[What actually happens if you test positive for HIV is a lengthy meeting with a counselor to tell you "this does not mean you're dying, you can be healthy for many years after this, but we need to get you started on treatment ASAP and here's how that's going to work." They also retest you with a slower but more accurate method to make sure. -Holly]

They reiterate the we’ll-call-you-if-bad, you’ll-hear-a-few-days-later-if-it’s-good, feel-free-to-call-after-a-few-days-if-you-want-to routine, and then they wish you a good day. Other than the apathetic desk attendants it was professional and friendly friendly, anonymous, non-judgmental, and pretty low-key.

Wednesday, December 7, 2011

From slutty to horny.

Female horniness is an important, and missing, narrative in our culture.  We have a well-developed idea of female sluttiness, but that's a different thing.

Sluttiness, as popularly perceived, is:
•External. A woman looks slutty, she dresses slutty, she acts slutty.  Whether she feels slutty is not something we generally talk about.
•Indiscriminate.  We seem to draw very little line between "will have sex with multiple people" and "will have sex with anyone and doesn't care if it's an alley cat."
•Mysterious.  Why is a slut slutty?  There are some attempted answers out there--need for attention, trying to get something from men--but most often she just is.  It's a character flaw or something.  Just as a slut's internal experience of sluttiness doesn't get talked up much in the popular narrative, neither does her reason for choosing the slutlife.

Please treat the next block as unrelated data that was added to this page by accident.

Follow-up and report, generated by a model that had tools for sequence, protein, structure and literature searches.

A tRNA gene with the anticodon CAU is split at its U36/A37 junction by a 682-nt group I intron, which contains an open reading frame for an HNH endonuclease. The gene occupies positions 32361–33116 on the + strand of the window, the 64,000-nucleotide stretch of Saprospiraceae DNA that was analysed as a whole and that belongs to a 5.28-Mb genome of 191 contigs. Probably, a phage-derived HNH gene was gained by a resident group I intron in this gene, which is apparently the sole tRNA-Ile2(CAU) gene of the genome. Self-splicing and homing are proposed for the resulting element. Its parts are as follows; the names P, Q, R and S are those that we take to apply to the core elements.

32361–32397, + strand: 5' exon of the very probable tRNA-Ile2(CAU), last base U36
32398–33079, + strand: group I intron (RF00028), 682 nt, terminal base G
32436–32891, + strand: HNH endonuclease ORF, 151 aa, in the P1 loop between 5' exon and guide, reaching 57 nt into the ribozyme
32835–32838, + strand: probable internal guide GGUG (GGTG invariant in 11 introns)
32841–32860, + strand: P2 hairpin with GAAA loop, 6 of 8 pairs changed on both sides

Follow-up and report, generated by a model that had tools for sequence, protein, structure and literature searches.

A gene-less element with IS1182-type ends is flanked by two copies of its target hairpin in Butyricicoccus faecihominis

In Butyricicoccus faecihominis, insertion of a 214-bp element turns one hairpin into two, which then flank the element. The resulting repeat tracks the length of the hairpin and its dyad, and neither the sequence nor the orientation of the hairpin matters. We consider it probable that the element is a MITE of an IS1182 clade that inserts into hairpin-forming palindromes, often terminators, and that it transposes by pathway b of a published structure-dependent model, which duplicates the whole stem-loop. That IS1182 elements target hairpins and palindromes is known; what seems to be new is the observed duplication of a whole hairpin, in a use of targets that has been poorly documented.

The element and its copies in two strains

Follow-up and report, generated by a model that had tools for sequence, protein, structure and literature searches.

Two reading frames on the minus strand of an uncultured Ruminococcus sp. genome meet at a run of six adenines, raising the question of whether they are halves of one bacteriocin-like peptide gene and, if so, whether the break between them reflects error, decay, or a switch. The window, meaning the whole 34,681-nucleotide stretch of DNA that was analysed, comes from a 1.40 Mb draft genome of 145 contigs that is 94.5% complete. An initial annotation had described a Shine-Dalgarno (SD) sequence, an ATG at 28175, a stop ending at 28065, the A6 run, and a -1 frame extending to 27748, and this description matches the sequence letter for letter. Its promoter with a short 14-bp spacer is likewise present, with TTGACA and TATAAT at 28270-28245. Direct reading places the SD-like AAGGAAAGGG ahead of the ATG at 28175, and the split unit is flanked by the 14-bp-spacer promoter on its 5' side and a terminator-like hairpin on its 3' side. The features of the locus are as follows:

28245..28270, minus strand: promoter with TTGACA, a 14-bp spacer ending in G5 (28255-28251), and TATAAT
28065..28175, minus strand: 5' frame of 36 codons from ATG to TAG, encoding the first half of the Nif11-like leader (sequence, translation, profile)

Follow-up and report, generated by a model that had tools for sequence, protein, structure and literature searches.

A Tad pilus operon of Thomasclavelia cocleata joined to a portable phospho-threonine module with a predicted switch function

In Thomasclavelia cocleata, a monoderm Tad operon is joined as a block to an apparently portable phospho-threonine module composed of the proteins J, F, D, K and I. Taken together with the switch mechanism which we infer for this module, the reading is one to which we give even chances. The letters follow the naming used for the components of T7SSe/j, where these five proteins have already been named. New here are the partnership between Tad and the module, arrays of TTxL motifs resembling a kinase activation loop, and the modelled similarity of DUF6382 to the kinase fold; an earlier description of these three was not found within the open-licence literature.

Whereas female horniness in the popular imagination is rare.  Admittedly our idea of male horniness is pretty scrambled too, but we have some concept of it as a near-universal male experience.  On the rare occasion a woman is horny in the mainstream culture, usually it's comical or even threatening.

This is getting better over the years.  Slowly.  But it's still not an accepted thing that a woman can just plain want to get her grind on.  (Actually, seeing women as horny isn't new; it's just undoing the work of the Victorians.  In medieval Europe women were often described as lustful and desiring--the ideal of the sexless woman in Western culture is only about 200 years old.)

Here are the things about horniness that seem to make people nervous:
•Horniness is internal.  It's defined entirely in terms of a woman's experience of her own body and feelings.
•Horniness is selective.  I'm horny for some of the men but not all of the men, and that's some sort of radical statement apparently.